This court has carefully considered the arguments made in regard to this issue. This court holds that whereas Section 40(1)(fa) of the Political Parties Act grants an aggrieved party from a dispute arising out of party primaries direct access to the PPDT, nevertheless, such aggrieved party is required to give cogent evidence that he or she attempted to access the party’s IDRM and was either frustrated or thwarted from presenting his or her complaint to the said IDRM. In the present appeal, it was clear that the 1st Respondent did not make any effort to access the party’s IDRM before lodging the complaint before the PPDT. There is no document which was exhibited by the 1st Respondent which showed that he had attempted to access the 2nd Respondent’s IDRM and was frustrated or prevented from doing so.
The second issue for determination is whether the Appellant was served when the 1st Respondent lodged her complain before the PPDT. The 1st Respondent agrees that she served the Appellant through a short message text sent to his mobile phone. She also said that she photographed the pleadings and sent them to the Appellant’s mobile phone through the Whatsup App. The Appellant insists that he was not served. It was clear to this court that such service is not contemplated under the Political Parties Disputes Tribunal (Procedure) Regulations, 2017. Rule 10 of the said Regulations provides thus:
“(1) The complainant shall serve the complaint on the Respondent within seven days of filing the complaint with the Tribunal.
(2) A complaint shall be served by –
(a) direct service;
(b) advertisement in a newspaper of national circulation.”
From the above Rule, it is clear that the Appellant was not properly served. The Appellant’s complaint that he was condemned unheard is therefore valid. The 1st Respondent explained that she was granted leave by the PPDT to serve the Appellant in the manner that she did. That could the case. However, the Tribunal had no jurisdiction to ride roughshod on its own rules so as to satisfy the legal requirement of service. The Tribunal acted contrary to the rules of natural justice that prohibits a tribunal or a court from condemning any party before giving him or her a hearing. It was clear to this court therefore that the orders issued by the Tribunal were issued in the absence of the Appellant who was an affected party and whose presence was necessary before the Tribunal rendered its decision.
The third issue for determination is who as between the Appellant and the 1st Respondent was rightfully declared the winner during the primaries that were held by the 2nd Respondent for the said seat for Member of County Assembly for Migosi Ward in Kisumu County. Although the 1st Respondent claimed that she won during the said nomination exercise, she did not present any credible evidence before either the Tribunal or this court to support her assertion that she was the winner. Other than the provisional nomination certificate which was apparently signed by an unauthorized person, and a final nomination certificate which may have been dubiously acquired, the 1st Respondent did not present any tangible evidence to prove that she won during the said nomination exercise. On the other hand, the Appellant provided a tallying sheet duly signed by the Presiding Officer Laban Bosire Ouko which clearly showed that he had won the said nomination exercise. For added measure, the Presiding Officer wrote a letter to the National Elections Board of the 2nd Respondent confirming that indeed the Appellant had won during the said nomination exercise. The said Presiding Officer issued the provisional nomination certificate to the Appellant. The Appellant was also issued with the final nomination certificate by the 2nd Respondent. This court therefore holds that the Appellant presented credible evidence before this court that he was the one who was declared the rightful winner for the Member of County Assembly seat for Migosi Ward, Kisumu County after the said nominations exercise organized by the 2nd Respondent that were held on 25th April 2017.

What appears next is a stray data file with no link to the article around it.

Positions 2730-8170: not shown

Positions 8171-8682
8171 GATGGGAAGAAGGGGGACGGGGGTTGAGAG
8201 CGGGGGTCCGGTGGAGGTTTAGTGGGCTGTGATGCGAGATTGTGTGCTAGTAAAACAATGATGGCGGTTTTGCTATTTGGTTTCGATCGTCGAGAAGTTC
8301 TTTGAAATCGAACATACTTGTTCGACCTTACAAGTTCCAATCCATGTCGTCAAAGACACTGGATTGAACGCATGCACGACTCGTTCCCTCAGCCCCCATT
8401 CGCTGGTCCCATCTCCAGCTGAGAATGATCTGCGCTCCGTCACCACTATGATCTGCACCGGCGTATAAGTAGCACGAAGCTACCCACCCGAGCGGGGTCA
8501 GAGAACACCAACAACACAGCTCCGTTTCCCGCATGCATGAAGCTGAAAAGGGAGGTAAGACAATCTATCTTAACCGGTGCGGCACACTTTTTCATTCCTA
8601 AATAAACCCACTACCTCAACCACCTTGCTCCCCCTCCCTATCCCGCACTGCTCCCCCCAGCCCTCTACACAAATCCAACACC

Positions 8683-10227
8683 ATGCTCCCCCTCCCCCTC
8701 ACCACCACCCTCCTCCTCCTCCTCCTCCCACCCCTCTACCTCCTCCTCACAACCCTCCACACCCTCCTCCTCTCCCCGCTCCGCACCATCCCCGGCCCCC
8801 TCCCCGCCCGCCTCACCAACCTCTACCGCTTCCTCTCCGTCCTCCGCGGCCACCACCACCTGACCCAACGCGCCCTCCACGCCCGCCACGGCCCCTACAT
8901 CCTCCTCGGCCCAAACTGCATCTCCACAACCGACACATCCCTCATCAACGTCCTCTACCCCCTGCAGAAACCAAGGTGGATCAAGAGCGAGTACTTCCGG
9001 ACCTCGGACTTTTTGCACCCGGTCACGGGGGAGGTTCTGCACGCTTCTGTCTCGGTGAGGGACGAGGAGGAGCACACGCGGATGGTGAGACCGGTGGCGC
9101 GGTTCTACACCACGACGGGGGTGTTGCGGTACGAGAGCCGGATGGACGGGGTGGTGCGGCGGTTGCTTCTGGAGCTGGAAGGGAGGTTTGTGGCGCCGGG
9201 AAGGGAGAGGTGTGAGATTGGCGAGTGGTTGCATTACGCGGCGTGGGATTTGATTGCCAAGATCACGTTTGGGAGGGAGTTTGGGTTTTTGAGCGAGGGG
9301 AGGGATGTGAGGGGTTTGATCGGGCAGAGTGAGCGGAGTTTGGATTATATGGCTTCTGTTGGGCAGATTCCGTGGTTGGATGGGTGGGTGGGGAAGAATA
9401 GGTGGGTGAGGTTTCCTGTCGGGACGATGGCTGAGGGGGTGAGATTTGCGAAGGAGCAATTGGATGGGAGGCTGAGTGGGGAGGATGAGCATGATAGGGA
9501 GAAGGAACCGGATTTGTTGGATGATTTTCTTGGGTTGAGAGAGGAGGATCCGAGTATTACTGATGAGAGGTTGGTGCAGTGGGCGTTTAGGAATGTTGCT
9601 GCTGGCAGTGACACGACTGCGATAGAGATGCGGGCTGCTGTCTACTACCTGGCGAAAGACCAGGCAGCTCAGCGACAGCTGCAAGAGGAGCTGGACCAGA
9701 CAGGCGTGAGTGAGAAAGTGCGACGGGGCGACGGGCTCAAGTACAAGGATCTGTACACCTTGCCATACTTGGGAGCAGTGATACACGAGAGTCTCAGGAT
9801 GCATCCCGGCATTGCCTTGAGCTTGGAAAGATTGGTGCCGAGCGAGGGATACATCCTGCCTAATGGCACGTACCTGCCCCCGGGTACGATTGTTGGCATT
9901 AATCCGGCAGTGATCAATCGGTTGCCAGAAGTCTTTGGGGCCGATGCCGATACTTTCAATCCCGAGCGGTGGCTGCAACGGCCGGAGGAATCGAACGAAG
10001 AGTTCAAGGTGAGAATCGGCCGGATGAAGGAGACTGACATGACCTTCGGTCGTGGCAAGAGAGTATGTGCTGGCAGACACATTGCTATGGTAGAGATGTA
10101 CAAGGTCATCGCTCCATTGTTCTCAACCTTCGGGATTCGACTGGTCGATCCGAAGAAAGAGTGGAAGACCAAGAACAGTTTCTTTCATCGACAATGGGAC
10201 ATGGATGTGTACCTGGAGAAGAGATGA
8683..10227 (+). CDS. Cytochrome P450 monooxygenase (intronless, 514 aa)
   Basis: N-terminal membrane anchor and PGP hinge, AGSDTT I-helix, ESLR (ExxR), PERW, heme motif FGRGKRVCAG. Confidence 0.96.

In light of the above findings, what orders will this court issue to give effect to the will of the voters of Migosi Ward who are members of the 2nd Respondent expressed during the nomination exercise held on 25th April 2017? This court was informed by counsel for the 1st Respondent that the 1st Respondent had already presented her nomination papers to IEBC as the nominee for the 2nd Respondent party for the said seat for the Member of County Assembly for Migosi Ward, Kisumu County. That may be the case. However, an obvious injustice was occasioned in this case and this court will give an appropriate remedy.
In the premises therefore, the appeal lodged by the Appellant is hereby allowed. The orders issued by the Tribunal in its judgment dated 18th May 2017 are hereby set aside in their entirety. It is substituted by the order of this court declaring the Appellant, Victor Rodgers Ochieng as the nominee for Orange Democratic Movement Party for Member of County Assembly for Migosi Ward Kisumu County. If IEBC has accepted the 1st Respondent as the 2nd Respondent’s nominee for the said seat, such acceptance is hereby revoked. Any certificate issued by IEBC to the 1st Respondent recognizing her as the nominee for the 2nd Respondent for the said seat of Member of County Assembly for Migosi Ward, Kisumu County is hereby cancelled and declared null and void and of no legal effect or consequences. The Independent Electoral and Boundaries Commission (IEBC) shall accept the nomination papers presented by the Appellant as the duly recognized nominee of Orange Democratic Movement Party for the said position of Member of County Assembly for Migosi Ward Kisumu County. The 1st Respondent shall pay the cost of the Appellant both at the PPDT and before this court on this appeal. It is so ordered.
DATED AT NAIROBI THIS 1ST DAY OF JUNE 2017